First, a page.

Today, the U.S. Securities and Exchange Commission (SEC) announced delays in its decisions regarding Bitcoin ETF applications from six companies out of seven—Fidelity, WisdomTree, Valkyrie, VanEck, Bitwise, and Invesco.
The regulatory body stated it would need at least 45 more days to review these applications, pushing the deadline to mid-October.
While these six companies face delays, rumors are also circulating that BlackRock, the last Bitcoin ETF application awaiting a decision, may experience a similar postponement.
SEC’s Routine Procedure and Future Steps
The delay is a standard part of the SEC’s process. Within 45 days of publishing a proposal in the federal register, the commission often announces whether it needs more time for consideration.
For these six Bitcoin ETF applications, the SEC has a total of 240 days to make its final decisions. The agency has not given a specific reason for the delay, stating only that it needs more time to examine the proposals and related issues.
Previously, on August 11, the SEC had postponed its decision on a Bitcoin ETF from Ark 21Shares. At that time, the SEC mentioned that it would request public comments and “institute proceedings” to decide whether to permit the fund to begin trading.
Adding to the list of delays, there are rumors that the SEC is also likely to postpone its decision on a Bitcoin ETF proposal from BlackRock. Originally, the SEC was expected to address BlackRock’s application by the end of this week. If these rumors hold true, it would mean that all seven Bitcoin ETF applications are facing delays from the SEC.
Industry analysts have speculated that Bitcoin ETF approvals might occur by the end of this year or in 2024. After Grayscale Investments won its case against the SEC in the DC Circuit Court of Appeals, Bloomberg Intelligence analysts increased their prediction of Bitcoin ETF approval by the end of 2023 from 65% to 75%.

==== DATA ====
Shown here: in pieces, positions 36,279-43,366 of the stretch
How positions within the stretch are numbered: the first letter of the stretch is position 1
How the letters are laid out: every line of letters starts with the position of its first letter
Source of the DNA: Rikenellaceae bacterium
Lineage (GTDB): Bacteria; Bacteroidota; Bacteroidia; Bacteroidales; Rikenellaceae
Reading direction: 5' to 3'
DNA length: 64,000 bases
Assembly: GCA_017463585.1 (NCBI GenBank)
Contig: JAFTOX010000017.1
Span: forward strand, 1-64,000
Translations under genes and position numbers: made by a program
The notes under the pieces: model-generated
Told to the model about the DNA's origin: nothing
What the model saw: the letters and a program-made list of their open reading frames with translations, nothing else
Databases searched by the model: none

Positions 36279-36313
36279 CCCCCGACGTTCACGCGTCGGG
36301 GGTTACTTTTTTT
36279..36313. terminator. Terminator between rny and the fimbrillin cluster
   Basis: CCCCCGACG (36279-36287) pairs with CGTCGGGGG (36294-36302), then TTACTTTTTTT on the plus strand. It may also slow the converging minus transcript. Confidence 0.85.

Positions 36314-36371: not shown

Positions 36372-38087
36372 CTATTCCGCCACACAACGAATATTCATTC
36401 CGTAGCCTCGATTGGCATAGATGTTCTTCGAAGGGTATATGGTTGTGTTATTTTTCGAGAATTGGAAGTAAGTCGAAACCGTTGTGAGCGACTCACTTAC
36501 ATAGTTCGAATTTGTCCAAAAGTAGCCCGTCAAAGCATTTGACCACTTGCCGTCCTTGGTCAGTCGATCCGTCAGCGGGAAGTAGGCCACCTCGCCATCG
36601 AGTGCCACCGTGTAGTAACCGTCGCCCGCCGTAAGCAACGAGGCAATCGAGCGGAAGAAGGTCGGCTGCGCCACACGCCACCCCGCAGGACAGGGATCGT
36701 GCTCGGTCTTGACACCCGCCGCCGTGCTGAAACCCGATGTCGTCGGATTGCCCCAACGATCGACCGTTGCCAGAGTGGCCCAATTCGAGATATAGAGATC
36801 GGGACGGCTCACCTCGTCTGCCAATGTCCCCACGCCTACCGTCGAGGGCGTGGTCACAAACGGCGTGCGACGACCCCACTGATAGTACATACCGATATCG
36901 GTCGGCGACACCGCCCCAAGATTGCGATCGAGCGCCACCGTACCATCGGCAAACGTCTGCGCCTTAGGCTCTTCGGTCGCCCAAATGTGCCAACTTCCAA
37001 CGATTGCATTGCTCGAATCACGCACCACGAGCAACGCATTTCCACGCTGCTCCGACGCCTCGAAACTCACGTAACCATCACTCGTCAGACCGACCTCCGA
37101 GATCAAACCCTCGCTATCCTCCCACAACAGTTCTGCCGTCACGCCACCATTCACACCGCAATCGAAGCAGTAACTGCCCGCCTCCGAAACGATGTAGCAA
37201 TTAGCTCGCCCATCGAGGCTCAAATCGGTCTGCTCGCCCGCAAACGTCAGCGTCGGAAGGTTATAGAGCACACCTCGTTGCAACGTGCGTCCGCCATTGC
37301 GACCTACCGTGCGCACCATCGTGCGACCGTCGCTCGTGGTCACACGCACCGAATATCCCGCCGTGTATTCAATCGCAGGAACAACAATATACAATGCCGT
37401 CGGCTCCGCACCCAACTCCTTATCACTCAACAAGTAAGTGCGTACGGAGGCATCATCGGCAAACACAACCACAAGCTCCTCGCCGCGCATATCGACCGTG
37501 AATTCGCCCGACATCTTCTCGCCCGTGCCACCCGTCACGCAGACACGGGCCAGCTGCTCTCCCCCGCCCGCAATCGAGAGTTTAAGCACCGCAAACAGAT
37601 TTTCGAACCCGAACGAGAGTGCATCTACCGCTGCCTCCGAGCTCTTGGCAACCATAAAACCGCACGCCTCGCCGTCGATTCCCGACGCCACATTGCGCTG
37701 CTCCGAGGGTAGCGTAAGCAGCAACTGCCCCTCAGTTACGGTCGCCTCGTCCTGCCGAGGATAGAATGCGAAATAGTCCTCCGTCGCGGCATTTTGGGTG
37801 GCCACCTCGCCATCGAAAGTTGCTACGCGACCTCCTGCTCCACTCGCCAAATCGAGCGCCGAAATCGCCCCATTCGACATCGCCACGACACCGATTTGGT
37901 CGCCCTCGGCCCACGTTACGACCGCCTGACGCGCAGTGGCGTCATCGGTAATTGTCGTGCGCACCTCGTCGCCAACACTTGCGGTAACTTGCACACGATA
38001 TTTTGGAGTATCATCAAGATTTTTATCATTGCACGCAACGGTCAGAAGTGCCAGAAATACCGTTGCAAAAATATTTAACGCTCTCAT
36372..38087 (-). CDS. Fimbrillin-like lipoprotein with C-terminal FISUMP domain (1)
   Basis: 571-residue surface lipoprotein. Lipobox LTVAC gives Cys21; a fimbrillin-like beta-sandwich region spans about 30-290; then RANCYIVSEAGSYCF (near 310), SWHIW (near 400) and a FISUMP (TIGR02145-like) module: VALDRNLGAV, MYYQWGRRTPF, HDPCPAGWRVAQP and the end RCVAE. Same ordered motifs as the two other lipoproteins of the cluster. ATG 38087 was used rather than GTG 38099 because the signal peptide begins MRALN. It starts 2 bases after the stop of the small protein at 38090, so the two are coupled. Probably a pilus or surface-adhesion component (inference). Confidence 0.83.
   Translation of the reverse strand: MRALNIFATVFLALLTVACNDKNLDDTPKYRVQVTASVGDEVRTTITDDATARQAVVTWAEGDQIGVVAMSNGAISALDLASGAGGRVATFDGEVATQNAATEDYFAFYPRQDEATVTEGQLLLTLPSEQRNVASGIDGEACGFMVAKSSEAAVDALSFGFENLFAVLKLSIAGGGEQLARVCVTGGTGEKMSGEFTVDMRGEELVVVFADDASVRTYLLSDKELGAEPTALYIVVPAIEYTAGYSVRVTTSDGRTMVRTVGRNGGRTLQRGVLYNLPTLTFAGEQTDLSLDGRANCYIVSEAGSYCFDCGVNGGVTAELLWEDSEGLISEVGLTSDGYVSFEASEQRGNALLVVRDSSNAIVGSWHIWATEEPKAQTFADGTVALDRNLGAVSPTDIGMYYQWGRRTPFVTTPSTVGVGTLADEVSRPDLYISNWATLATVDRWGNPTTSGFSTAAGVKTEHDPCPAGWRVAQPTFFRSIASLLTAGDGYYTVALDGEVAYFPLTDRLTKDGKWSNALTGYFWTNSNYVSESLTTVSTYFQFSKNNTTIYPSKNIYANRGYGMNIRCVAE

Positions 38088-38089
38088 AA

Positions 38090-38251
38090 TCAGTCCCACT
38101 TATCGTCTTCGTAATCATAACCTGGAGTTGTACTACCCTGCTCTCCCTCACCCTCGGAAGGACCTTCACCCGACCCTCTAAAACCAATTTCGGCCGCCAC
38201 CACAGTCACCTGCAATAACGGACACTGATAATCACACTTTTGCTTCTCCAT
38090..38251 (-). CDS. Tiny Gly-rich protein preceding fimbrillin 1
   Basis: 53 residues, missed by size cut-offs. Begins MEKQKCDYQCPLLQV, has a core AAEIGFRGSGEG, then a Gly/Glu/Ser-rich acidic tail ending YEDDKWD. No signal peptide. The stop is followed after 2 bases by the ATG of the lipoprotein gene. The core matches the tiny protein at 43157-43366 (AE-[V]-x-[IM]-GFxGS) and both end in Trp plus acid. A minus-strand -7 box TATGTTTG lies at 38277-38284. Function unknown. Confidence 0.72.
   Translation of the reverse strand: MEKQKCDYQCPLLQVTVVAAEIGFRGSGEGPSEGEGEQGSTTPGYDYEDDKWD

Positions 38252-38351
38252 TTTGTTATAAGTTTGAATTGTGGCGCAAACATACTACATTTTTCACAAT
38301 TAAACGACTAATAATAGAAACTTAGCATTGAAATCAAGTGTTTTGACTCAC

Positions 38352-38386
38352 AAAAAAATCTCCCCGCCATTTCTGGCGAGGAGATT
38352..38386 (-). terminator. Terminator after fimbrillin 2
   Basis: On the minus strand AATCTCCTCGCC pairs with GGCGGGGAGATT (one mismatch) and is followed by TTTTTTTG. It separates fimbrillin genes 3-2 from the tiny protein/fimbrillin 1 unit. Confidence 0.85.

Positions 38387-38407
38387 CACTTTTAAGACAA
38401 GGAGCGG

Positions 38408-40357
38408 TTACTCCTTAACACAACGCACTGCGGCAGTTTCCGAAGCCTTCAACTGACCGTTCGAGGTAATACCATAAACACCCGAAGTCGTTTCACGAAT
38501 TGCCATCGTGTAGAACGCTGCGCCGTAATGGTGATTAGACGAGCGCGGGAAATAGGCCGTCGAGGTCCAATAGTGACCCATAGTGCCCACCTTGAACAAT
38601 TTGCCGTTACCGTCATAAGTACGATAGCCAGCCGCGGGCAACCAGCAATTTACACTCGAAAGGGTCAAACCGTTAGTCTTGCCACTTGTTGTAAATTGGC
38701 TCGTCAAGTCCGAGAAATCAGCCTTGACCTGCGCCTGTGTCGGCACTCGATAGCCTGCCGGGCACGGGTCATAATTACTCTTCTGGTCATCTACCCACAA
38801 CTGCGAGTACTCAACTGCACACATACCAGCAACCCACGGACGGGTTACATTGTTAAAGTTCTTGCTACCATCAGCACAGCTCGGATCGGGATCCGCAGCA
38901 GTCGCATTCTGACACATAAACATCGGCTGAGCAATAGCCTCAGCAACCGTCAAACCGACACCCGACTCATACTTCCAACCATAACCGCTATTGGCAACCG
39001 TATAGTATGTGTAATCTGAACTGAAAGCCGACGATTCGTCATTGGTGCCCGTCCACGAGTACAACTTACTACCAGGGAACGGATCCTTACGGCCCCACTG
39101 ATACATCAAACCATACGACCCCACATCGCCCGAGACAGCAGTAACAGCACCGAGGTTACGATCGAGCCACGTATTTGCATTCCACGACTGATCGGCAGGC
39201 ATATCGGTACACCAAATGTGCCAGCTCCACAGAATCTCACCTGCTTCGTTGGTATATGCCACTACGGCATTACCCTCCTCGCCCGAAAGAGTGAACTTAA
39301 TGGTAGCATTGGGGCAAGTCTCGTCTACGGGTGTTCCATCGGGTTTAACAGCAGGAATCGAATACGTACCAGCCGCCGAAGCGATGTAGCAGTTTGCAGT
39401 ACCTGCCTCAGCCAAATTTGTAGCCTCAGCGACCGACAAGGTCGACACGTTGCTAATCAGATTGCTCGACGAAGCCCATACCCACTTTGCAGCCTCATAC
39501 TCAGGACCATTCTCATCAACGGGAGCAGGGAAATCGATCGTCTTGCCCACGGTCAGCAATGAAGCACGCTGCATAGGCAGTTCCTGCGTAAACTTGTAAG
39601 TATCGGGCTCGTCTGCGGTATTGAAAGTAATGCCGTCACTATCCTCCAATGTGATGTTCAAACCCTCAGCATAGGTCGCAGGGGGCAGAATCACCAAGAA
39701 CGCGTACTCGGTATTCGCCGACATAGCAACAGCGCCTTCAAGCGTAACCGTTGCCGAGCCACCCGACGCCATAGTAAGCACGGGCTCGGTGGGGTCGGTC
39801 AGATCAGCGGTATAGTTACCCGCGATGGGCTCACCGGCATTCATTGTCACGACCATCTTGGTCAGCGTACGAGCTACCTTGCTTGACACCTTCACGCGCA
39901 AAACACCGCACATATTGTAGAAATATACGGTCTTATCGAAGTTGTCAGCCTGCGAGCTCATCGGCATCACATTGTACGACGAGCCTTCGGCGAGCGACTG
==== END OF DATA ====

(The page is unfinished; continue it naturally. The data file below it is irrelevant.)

SEC Chair Gary Gensler’s Approach to Cryptocurrencies
Meanwhile, SEC Chair Gary Gensler has been criticized for his approach to cryptocurrencies. Republican Rep. Patrick McHenry, a ranking member of the House Financial Services Committee, called Gensler’s approach to digital assets overly aggressive.
Gensler is set to testify before Congress twice in September: first to the Senate Banking Committee on September 12 and then to the House Financial Services Committee on September 27.
Back in April, the House Committee on Financial Services claimed that Gensler had misrepresented the SEC’s authority by pushing crypto firms to register with the agency, despite the absence of a clear registration framework.
The SEC has not yet allowed any Bitcoin ETFs to come to market, and these delays are part of an ongoing cautious approach by the regulator. The SEC has stated that it needs more time to consider the applications and the issues they raise.
These delays are not surprising, especially given the SEC’s earlier decision to postpone the Ark 21Shares Bitcoin ETF. The SEC has a series of deadlines and a total of 240 days to address these applications. With multiple companies awaiting a decision, the coming months will be important for the future of Bitcoin ETFs.